Like many other Austen tales, there are multiple versions of this first published work of Jane’s in 1811.  There was a 1971 TV serial, 1981 TV serial, 1995 film  and the most recent 2008 mini-series.  Do I have a favorite?  The 2008 version is the one that floats my remote, but the 1995 movie version is close behind.

The 1995 version had been my favorite, of course, until the 2008 mini-series came along, consisting of three episodes and 174 minutes.  Sense & Sensibility is one of my best-loved Austen tales. The 1995 version is the star-studded, well-known cast of Emma Thompson, Kate Winslet, Greg Wise (married to Emma Thompson in real life, by the way), Hugh Grant, and the infamous Alan Rickman.  Each of these talented actors make up cast who tells this fascinating tale of the Dashwood sisters.

The 2008 TV mini-series is much longer, of course, with a casting of new faces, at least for me, in most of the characters.  I had never seen Hattie Morahan (Elinor) or Charity Wakefield (Marianne) before this series aired.  Frankly, I loved them and found them both endearing in this version.  Kate Winslet, although, probably outshines as Marianne between the two. She is such a spirited actress. “Can he love her? Can the soul really be satisfied with such polite affections? To love is to burn – to be on fire, like Juliet or Guinevere or Eloise.”

Then we have the men who love these woman. Hugh Grant and a young Greg Wise in the movie version make good choices. In the 2008 version, we have blue-eyed Dan Stevens (the Downton Abbey heart throb) as Edward Farrars.  A more sleazy Willoughby, in my opinion, was the 2008 Dominic Cooper, who drew from a me a little more empathy in spite of being a rogue. There is quite a bit of sexuality played in the 2008 version with the seduction scene at the beginning. The interaction between Willoughby and Marianne is more tender and seductive as well. However, I’ve read that was a pain point with some critics (read here).  Austen and raunchy don’t mix. But in all honesty, there isn’t anything raunchy about the BBC version whatsoever.Sense1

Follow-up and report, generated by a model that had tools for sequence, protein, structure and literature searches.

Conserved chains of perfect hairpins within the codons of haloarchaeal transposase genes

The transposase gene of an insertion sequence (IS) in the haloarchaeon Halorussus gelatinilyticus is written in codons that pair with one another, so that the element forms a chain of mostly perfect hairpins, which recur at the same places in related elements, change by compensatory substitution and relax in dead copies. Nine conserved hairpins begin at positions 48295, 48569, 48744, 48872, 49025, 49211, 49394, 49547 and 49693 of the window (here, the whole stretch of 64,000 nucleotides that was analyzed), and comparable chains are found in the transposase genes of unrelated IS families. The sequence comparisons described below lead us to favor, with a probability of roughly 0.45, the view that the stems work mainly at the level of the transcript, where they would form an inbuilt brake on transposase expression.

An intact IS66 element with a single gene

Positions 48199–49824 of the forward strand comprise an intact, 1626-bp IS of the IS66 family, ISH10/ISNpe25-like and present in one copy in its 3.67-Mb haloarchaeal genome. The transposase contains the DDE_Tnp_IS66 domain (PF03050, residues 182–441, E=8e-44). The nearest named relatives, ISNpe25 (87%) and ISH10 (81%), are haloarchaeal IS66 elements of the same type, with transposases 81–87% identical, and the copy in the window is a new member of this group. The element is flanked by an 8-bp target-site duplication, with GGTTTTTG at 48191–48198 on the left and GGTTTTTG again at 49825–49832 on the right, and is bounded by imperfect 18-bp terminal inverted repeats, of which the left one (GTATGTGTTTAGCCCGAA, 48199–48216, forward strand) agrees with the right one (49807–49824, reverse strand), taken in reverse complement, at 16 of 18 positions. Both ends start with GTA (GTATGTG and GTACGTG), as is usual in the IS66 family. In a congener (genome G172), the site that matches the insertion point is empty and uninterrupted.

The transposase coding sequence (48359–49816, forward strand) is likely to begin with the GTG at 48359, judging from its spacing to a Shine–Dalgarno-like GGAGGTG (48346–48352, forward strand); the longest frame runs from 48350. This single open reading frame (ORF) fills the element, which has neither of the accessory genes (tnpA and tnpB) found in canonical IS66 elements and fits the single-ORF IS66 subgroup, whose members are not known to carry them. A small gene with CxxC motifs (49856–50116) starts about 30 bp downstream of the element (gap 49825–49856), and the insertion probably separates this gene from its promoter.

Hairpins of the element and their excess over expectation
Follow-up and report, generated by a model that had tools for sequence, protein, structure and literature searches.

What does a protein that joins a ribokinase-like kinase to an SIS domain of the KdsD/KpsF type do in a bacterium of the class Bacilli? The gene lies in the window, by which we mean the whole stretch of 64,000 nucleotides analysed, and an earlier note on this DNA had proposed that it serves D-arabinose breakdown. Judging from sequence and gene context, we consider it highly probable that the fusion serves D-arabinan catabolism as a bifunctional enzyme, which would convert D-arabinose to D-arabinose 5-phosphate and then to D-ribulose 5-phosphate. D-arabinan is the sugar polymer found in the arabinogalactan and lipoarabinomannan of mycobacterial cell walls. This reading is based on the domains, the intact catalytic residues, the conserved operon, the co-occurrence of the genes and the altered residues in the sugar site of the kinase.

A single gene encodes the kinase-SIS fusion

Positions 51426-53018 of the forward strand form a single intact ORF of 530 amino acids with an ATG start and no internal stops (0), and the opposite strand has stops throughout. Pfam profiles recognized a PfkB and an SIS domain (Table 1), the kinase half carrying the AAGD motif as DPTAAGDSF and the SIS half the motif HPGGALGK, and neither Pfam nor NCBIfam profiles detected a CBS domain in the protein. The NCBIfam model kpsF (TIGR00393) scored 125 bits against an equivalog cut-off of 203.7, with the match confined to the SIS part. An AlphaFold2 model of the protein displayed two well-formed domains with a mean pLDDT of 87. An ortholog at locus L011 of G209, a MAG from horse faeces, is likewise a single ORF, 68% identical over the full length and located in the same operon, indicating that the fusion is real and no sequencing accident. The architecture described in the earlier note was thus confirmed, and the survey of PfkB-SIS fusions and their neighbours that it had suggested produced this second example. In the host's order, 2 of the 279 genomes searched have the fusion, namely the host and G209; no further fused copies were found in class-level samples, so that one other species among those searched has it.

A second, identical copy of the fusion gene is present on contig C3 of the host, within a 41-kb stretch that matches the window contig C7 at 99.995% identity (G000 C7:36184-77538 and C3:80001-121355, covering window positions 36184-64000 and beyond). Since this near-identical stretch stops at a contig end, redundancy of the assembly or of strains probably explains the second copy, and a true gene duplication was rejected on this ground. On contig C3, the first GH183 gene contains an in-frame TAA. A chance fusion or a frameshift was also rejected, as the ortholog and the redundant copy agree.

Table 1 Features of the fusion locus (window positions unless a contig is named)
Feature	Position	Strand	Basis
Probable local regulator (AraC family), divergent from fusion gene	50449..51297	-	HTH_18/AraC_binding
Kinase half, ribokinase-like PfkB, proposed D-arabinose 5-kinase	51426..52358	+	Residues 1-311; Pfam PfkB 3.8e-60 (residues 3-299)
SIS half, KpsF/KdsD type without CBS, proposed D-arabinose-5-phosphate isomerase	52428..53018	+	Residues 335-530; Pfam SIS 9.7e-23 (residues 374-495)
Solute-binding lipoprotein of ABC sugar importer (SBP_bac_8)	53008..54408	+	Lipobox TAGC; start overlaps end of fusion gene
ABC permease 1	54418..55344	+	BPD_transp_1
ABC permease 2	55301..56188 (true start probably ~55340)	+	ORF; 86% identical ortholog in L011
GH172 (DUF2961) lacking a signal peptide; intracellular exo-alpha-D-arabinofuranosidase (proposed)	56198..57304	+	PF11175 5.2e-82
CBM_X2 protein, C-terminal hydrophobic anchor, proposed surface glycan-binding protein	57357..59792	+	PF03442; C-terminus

Then we have Colonel Brandon, played by the late Alan Rickman in 1995, who did everything well on screen. It’s sad that he has left us and his fans have been robbed of great performances that were yet to come. Nevertheless, we are left with memories of older ones, even in this version of Sense & Sensibility.

In the 2008 version, we have David Morrissey, a handsome Brandon, who I thought more attractive but a bit too stiff in his role.   Alan had a little more heart in his performance than David did.  Morrissey is no longer wearing cravats and period clothing but has been on Zombie and sci-fi related shows in the past few years. Apparently, he’s working on another long-long-ago period drama set in 45 AD, Britannia. Maybe he’s taking up a toga instead.

Another thing that I like about the longer series version is that it’s not so rushed.  You also get to enjoy beautiful coastal scenery of Hartland, Devon, with quite a few shots of rolling waves crashing against the rocks. It brings back to me the quiet life of those time periods, when long walks, picnics, playing the piano forte, and finding husbands were the order of the day.

Both versions are available to rent and stream on Amazon.  However, the 2008 version is on Hulu, if you have a subscription there.

Florence Foster Jenkins (On My Watch List – Movie August 12, 2016)

 

Official movie site for Florence Foster Jenkins. Watch the trailer here! In theaters August 12, 2016.

Source: Florence Foster Jenkins Trailer & Official Movie Site | August 12, 2016

Well, definitely on my watch list for this summer.  Meryl Streep with Hugh Grant, and look who else!  Simon Helberg, who plays Howard Wolowitz on The Big Bang Theory has landed a movie role with some the screen greats!

Runs off to mark my calendar . . .